Last month, the Governmental Accounting Standards Board (GASB) announced the issuance of new guidelines requiring local governments to disclose information about tax abatement agreements. Many municipalities agree to abate or reduce taxes in an effort to stimulate and promote economic development, job growth, and other community benefits, but these agreements also impose costs on municipalities both in terms of foregone revenue as well as in terms of financial commitments by the public body to the incentive recipient. The new GASB Statement 77 is intended to create a more consistent and transparent manner for reporting on the financial impact of these tax abatements.
Statement 77 will require local governments to include information in their financial statements about both their own tax abatement programs and about any tax abatement programs offered by other governments if those agreements impact the tax revenue of the reporting body. When reporting about their own abatement agreements, the local government will be required to disclose the purpose of the tax abatement program, to identify the nature and amount of the tax being abated and to describe any provisions for recapturing those abated taxes. The reporting must also include not only a description of any commitments required of the abatement recipients but also any other commitments the government has made under the abatement agreement, such as agreeing to build infrastructure that would benefit the abatement recipient.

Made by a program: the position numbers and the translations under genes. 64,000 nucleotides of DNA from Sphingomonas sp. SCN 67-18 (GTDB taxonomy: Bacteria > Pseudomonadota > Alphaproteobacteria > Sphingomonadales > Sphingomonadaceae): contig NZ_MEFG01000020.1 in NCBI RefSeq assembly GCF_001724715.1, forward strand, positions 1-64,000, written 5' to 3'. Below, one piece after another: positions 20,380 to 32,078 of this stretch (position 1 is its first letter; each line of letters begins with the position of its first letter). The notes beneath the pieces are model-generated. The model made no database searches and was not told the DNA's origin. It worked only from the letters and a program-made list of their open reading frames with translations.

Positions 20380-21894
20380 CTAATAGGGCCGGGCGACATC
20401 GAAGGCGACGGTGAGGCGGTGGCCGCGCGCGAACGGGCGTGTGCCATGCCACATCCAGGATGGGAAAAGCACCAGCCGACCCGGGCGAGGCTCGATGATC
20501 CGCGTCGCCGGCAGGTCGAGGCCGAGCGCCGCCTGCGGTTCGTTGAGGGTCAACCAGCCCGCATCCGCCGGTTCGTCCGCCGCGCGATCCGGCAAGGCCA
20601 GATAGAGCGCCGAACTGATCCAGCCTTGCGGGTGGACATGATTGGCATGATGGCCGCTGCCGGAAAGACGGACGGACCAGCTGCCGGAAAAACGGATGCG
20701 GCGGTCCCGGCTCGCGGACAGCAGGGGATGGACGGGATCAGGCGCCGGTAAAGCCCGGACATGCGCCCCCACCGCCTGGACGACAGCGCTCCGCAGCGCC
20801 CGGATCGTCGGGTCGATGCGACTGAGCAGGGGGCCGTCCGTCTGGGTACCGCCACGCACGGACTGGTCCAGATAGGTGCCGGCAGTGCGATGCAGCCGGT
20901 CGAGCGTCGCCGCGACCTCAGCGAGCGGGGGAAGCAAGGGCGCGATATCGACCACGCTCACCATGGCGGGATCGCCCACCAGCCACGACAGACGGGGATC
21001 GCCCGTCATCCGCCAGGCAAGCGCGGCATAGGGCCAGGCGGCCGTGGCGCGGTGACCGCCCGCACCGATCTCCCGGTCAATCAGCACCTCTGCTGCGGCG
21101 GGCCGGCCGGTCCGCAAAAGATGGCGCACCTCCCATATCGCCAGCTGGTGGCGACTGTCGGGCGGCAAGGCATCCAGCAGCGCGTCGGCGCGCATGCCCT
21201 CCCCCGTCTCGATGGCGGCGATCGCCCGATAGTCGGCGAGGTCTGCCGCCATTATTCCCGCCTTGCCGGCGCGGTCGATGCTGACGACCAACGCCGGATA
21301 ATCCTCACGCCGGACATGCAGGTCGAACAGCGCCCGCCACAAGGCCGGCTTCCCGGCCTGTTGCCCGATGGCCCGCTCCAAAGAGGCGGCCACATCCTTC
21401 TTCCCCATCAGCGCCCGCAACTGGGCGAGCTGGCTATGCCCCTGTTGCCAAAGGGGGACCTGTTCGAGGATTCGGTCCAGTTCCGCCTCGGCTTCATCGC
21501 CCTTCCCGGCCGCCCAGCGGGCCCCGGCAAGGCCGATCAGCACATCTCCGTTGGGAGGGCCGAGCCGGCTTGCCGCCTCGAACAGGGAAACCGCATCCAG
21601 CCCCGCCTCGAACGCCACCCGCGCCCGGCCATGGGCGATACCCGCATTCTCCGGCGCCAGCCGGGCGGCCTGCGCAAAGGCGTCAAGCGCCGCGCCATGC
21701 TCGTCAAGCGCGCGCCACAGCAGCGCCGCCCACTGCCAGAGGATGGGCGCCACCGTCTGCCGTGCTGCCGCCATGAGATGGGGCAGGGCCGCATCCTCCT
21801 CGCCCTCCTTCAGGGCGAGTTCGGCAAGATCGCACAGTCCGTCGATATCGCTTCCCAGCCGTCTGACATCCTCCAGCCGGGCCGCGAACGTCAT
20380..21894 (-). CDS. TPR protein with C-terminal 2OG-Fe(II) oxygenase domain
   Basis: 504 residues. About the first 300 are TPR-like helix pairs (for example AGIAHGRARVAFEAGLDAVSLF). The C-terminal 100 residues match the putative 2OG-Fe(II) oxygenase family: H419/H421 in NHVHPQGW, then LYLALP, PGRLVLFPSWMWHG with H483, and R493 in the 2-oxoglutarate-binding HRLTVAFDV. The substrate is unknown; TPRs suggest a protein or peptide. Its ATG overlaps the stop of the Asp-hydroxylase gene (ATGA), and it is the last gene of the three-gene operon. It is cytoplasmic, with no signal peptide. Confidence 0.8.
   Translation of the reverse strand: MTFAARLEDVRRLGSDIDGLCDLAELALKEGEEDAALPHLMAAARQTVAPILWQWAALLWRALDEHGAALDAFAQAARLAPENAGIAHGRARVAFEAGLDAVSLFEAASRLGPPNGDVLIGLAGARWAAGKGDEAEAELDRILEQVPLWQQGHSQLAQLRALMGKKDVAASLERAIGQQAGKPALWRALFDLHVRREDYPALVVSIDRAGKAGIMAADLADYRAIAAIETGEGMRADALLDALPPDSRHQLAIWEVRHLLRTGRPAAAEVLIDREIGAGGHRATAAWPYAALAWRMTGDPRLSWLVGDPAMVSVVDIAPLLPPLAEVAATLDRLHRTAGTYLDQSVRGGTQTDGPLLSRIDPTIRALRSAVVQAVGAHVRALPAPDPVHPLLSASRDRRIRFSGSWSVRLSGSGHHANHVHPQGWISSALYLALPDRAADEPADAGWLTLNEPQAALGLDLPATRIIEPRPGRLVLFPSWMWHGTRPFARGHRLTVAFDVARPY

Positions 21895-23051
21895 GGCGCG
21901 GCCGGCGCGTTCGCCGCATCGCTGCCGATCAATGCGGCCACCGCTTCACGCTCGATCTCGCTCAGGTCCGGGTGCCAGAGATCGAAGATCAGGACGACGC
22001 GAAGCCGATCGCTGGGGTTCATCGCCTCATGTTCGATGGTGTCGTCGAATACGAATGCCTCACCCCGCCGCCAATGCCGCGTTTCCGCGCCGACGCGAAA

Regarding tax abatements that have been entered into by other governments but that have a financial impact on the reporting municipality, the municipality should identify the body that has entered into an abatement agreement, describe the specific tax being abated, and provide the dollar amount of taxes that the reporting body will not receive because of this other reporting government’s abatement agreement.
The new requirement will apply to financial reporting periods that begin after December 15, 2015. The GASB standards apply to all Illinois municipalities’ financial reports, and compliance with them is essential for municipalities seeking a clean audit report. Accordingly, you can expect to receive more specific details about the guidelines for implementing these new requirements from your auditors and finance officers in the coming months. In the meantime, more details about the new standards can be found on the GASB’s website.
Author: Ruth A. Schlossberg